My amazing father left me with a legacy of wonderful things.
He gave me his sense of humor, his unconditional love and acceptance, and 20 years of great memories. Unfortunately, he also passed down his medical history – high blood pressure, high cholesterol, and migraines.
Now, I am grateful I only suffer the occasional migraine. I know there are those who live in constant pain from migraines. Their pain is so intense it become debilitating and prevents them from living a normal life. Brett’s sister is one such example.
So, my occasional migraine is not such a big deal in the scope of things. However, being a migraine sufferer, I can tell you it is also no picnic.
Due to my blessedly limited experience, I can now tell the vague differences between headaches. There are slight headaches, normal headaches, pounding headaches, throbbing headaches and then the warp speed blast in migraine territory.
Personally, I’ve only ever gone to the migraine stage of throwing up, sobbing, and rocking back and forth from the pain – but, believe it or not, some people get it worse. There have been reports of people taking a gun to their head to try and stop the pain. My own sister-in-law once said she got to the point where all she wanted was for someone to crack her head open to just relieve the constant, paralyzing anguish.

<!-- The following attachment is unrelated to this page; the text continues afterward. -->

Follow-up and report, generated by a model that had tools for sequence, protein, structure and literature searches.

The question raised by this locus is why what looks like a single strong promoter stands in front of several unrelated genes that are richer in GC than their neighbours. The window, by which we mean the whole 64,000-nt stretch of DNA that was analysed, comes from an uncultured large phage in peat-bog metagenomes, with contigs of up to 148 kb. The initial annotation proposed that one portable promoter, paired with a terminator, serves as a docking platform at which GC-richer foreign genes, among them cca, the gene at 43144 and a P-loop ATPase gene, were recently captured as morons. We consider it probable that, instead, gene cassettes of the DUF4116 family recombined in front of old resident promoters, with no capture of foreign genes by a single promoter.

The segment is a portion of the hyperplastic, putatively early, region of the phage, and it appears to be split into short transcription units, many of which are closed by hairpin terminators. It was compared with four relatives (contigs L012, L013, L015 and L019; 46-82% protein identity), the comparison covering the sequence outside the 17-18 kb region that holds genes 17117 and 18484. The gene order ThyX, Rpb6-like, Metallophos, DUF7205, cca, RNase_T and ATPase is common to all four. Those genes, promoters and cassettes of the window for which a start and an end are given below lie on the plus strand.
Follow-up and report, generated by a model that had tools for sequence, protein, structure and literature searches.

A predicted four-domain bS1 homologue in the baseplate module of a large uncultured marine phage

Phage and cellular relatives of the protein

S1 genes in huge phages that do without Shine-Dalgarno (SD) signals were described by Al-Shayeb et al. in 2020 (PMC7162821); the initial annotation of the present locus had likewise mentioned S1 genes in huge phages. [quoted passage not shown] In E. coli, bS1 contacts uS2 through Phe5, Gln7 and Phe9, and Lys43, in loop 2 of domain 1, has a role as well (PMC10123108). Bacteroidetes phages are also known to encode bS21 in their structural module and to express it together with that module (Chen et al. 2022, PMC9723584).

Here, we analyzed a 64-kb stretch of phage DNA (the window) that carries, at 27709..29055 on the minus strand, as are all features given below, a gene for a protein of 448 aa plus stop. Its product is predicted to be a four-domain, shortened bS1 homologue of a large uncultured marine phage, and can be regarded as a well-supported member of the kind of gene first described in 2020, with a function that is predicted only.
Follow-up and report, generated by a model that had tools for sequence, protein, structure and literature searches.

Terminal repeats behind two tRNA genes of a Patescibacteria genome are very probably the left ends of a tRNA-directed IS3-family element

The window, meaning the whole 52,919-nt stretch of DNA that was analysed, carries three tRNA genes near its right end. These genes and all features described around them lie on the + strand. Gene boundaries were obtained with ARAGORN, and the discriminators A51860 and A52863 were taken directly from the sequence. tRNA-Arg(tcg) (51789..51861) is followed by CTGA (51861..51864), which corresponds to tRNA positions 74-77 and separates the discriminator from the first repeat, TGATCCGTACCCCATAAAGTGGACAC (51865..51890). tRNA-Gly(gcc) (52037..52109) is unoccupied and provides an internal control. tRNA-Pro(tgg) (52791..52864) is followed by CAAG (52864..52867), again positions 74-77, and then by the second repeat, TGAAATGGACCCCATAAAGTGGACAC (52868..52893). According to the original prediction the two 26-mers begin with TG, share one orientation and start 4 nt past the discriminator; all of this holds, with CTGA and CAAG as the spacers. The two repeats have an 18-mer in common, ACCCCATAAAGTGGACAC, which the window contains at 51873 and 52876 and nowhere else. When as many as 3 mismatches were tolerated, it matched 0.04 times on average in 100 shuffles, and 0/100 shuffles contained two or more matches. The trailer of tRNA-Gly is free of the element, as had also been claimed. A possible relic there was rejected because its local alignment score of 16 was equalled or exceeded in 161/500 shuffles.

Most doctors believe that migraines have “triggers” – something in a person’s body make-up that brings on a migraine. The problem? Everyone has different triggers, and some people (like me) don’t know what they are.
We have suspicions, of course. I think the barometric pressure and allergies (ragweed, smoke) may contribute to my occasional migraine, but I’m not really sure. And, at this point in time, there’s not a lot doctors can do to treat a migraine. It is one of the most horrible ailments in modern medicine today, and (sadly) there’s no cure.
Today I am in MRM (Migraine Recovery Mode). It’s that all-over-achy feeling the day after a migraine – when you feel like you’re recovering from someone beating your head in with a baseball bat. I called in to work and am now sitting here sipping hot green tea and feeling somewhat philosophical.
Yesterday started out like a regular Sunday. We got up a little later but still managed to make it to morning service at church. I felt a slight (and what I assumed was normal) headache when we went Dollar Store shopping after church.
But the migraine was starting to take over by the time we started grocery shopping. And by the time we got home and put groceries away, all I wanted to do was crawl into bed; put the covers over my head and just cry.
So, that’s what I did.
Brett went to evening church, and when he got home, things were worse. I had gone into my throwing up, sobbing, and rocking back and forth phase. He got me some aspirin and a cold pack and tried (for a sweet but non-nurturing person) to sympathize.
The thing that amazes me is how confused Brett gets when I’m incapacitated for any measure of time.